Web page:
5. Slice pork and serve with sauce.

It's a hit in our house... hope you enjoy it too!

Photo Credit:  J Clyde photo from

Monday, December 12, 2011

Red Velvet Cake Balls - Part 2

Our first take on Red Velvet Cake Balls featured milk-chocolatey goodness. We also promised a lower-calorie, lower-fat version and here ya go:

Doesn't look particularly healthy, does it? But it is (at least healthier than most holiday goodies), thanks to a nutrient-packed secret weapon from that last holiday...

Most cake box mixes call for at least two eggs (164 calories -- 104 calories from fat) and 1/2 a cup of oil (964 calories -- 100% from fat). Leave out the eggs and oil and use, instead, 2 cups of canned pumpkin. It's got 166 calories (only 12 calories from fat) and gives you 0 cholesterol, 5 grams of protein, and loads of Vitamin A. Night vision, anyone?

It works great in muffin and cupcake recipes. When I was making these Red Velvet Cake Balls it was a bit messier than the egg/oil version. The consistency with pumpkin is moister/gooeyer; but you can compensate by freezing them a bit longer before rolling in white chocolate and sprinkle heaven.

Sunday, December 11, 2011

Pork Scallopini with Butter Caper Sauce

(Woo Hoo!! Jason is writing a blog post... the first in many, many months - he's usually content to cook and eat. Here goes:)

One of my favorite Birmingham restaurants is Urban Standard.  It's a cool place to hang out. You'll find professionals (it's my office away from the office) sitting table to table with people of all ages just hanging.  

Trevor and the staff always serve excellent food (Tanya loves the cupcakes) and it fits with our values.

One of my favorite lunch entrees is the Pork Scallopine.  I was craving it today, but unfortunately Urban Standard is closed on Sundays so I had to fend for myself.  **If anyone at Urban Standard would like to share the restaurant recipe, I’d love to try it at home …  please :-) **

I wasn’t able to Google a recipe that approximates Urban Standard’s, but I did find two that showed up over and over again: one with a butter caper sauce and the other with a mushroom marsala sauce.  We love mushrooms, and Cassie Craves’ recipe looks really nice.  But I was a little worried the marsala would overwhelm the pork.  So, I opted instead for this Butter Caper Sauce recipe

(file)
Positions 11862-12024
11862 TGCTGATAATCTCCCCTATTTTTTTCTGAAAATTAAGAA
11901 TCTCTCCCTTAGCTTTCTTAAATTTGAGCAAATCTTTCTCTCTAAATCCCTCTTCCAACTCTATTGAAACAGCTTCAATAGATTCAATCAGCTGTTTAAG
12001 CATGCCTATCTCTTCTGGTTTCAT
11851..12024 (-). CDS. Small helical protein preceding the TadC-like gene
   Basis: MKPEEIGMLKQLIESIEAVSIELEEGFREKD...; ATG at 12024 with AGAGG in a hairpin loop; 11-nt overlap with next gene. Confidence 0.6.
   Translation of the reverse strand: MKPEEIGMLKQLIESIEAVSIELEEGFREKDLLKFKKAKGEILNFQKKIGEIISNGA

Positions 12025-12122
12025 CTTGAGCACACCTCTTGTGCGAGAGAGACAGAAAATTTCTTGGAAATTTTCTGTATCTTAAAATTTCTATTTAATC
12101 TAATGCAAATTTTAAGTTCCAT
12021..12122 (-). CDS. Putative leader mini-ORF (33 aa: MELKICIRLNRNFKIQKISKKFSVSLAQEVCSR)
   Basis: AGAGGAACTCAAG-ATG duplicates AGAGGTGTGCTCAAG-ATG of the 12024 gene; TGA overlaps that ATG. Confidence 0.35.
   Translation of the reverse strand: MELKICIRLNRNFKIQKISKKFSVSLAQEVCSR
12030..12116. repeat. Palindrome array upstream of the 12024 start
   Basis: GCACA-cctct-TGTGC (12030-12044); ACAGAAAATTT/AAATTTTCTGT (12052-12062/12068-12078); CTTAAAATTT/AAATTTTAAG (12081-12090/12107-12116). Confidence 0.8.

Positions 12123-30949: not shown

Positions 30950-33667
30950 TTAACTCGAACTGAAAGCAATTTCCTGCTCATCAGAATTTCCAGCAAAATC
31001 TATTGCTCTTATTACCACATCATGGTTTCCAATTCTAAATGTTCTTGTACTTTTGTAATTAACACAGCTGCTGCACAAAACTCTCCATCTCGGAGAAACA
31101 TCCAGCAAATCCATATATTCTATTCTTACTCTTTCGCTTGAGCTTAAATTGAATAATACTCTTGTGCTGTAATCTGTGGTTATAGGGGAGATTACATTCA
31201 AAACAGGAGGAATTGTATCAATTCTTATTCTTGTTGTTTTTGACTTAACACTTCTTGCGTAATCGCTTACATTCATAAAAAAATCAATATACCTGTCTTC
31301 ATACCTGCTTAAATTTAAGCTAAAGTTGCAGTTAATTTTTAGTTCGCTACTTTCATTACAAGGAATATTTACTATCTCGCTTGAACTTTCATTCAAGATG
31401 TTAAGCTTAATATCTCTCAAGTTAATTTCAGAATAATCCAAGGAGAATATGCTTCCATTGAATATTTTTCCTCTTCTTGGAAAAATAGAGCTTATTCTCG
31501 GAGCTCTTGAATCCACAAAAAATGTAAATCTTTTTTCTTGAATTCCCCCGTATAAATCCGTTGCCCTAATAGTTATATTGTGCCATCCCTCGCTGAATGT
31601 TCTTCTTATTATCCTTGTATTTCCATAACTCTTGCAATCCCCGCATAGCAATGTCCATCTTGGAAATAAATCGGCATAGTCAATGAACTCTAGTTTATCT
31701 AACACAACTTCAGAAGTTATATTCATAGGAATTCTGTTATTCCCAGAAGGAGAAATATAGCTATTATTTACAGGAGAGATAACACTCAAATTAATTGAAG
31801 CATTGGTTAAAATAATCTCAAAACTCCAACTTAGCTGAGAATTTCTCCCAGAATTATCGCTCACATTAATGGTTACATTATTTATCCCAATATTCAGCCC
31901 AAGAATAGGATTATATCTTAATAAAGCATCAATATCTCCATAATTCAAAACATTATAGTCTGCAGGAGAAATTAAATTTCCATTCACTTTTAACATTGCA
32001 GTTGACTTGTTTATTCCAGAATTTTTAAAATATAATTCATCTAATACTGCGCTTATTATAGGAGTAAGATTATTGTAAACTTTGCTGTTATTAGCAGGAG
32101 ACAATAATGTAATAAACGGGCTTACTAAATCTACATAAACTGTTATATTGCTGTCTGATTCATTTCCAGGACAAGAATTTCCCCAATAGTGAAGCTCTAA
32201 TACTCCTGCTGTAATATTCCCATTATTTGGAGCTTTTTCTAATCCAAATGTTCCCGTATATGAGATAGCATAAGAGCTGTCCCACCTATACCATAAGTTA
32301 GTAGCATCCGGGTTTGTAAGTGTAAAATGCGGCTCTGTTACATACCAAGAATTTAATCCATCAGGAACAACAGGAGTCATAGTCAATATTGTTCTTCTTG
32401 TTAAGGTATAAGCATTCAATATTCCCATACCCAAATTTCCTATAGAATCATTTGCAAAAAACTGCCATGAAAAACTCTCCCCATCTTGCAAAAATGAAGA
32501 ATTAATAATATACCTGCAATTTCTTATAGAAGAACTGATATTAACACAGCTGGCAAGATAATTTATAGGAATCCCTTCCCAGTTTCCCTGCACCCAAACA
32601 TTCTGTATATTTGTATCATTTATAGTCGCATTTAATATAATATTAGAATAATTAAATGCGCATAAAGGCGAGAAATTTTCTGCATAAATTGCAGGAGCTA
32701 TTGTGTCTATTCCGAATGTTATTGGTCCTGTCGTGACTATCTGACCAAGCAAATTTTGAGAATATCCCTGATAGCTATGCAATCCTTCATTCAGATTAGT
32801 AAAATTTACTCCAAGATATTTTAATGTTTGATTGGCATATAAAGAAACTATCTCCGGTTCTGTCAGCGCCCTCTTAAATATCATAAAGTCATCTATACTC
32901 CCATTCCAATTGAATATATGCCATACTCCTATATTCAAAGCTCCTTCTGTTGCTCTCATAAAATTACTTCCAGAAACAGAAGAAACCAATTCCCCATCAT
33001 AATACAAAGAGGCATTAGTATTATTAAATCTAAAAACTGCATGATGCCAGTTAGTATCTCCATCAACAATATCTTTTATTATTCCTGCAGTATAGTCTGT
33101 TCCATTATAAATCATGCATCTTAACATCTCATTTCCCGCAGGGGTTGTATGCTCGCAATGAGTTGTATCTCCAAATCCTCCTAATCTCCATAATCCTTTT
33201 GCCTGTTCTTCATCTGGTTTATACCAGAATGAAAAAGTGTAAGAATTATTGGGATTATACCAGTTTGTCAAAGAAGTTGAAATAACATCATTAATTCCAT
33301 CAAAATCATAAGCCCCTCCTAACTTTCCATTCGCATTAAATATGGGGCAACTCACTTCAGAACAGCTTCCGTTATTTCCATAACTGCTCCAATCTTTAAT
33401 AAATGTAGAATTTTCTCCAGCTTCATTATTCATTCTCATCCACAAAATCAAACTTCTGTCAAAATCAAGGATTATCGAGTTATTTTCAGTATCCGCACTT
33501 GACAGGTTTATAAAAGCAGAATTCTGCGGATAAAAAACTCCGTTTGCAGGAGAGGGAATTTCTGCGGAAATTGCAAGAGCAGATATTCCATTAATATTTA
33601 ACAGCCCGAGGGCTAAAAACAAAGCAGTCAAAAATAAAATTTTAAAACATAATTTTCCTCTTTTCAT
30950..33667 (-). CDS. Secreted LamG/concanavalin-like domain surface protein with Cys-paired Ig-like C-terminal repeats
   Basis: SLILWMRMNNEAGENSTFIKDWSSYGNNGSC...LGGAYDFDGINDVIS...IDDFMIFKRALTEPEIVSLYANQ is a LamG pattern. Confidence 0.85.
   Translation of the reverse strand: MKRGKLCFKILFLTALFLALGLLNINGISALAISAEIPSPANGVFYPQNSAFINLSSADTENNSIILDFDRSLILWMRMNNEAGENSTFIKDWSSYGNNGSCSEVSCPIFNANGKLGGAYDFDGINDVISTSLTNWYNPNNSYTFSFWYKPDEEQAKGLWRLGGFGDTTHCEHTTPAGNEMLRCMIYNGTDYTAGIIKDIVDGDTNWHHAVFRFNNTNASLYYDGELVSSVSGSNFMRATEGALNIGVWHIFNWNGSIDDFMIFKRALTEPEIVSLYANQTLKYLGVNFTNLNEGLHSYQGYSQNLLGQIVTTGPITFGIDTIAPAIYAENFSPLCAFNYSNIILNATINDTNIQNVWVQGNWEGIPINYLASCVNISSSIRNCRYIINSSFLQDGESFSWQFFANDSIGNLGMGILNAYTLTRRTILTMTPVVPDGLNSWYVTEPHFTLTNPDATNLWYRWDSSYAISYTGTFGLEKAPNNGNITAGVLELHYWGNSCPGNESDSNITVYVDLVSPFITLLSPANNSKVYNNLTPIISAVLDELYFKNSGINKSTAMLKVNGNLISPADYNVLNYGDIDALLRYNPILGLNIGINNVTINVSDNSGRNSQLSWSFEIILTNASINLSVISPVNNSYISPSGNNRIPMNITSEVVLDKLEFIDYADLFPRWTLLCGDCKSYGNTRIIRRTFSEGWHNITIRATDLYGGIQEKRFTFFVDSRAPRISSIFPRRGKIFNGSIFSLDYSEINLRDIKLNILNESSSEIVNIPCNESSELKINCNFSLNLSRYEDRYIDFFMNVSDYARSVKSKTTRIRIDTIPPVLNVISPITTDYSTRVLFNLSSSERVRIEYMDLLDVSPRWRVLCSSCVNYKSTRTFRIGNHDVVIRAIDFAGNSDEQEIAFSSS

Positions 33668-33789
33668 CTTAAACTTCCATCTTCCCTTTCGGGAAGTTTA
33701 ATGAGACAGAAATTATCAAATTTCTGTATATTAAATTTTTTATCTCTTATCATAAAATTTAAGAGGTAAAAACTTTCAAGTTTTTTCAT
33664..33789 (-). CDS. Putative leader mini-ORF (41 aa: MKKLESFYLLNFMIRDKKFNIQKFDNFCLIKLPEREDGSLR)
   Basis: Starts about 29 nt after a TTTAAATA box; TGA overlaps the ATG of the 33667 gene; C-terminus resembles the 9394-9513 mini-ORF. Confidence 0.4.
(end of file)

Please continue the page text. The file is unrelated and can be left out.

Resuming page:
• 1.5 pounds pork tenderloin (we had them butterflied, so nice and thin)
  • 2 tbsp capers
  • 1/3 cup white wine
  • 1.5 tbsp lemon juice
  • 1-2 tbsp olive oil
  • 2 tbsp butter
  • 1/2 cup flour
  • 1/2 tsp sea salt

1. Slice pork into 1/2 inch slices on a diagonal (we skipped this -- remember, butterflied)
2. Pound pork thin between plastic wrap with a meat mallet (a.k.a. Tanya's hammer. She's already hung four pictures with it today.)
3. Sift together the flour and salt.
4. Lightly dredge pork and shake off any excess flour.
5. In a large skillet, heat the olive oil over medium heat.
6. Cook the pork 2-3 minutes on each side or until golden and transfer to a warm plate.
7.  Wipe out skillet.
8. Heat a tablespoon of butter in a skillet.
9. Add the capers, white wine and lemon juice.
10. Allow to reduce just a little before adding the final tablespoon of butter.
11. Mix slowly to incorporate and remove immediately from the heat.
12. Spoon the sauce over the pork and serve. 
I followed the recipe fairly closely (I’m not real good with measuring things … just like to eyeball it … probably being lazy rather than creative).   I decided to pair it with just a little angel hair pasta and Brussels Sprouts, made in the traditional Fulmore/Ott Fashion.  We slice in half, drizzle some sea salt and olive oil on it and then bake those little jewels at 400 degrees for 20 minutes or so.  It is by far one of our favorite side dishes and, given our schedules of late, we haven’t had the opportunity to enjoy them as much as we’d like.  I’d like to branch out a little on preparing the sprouts … if anyone has any suggestions please let us know.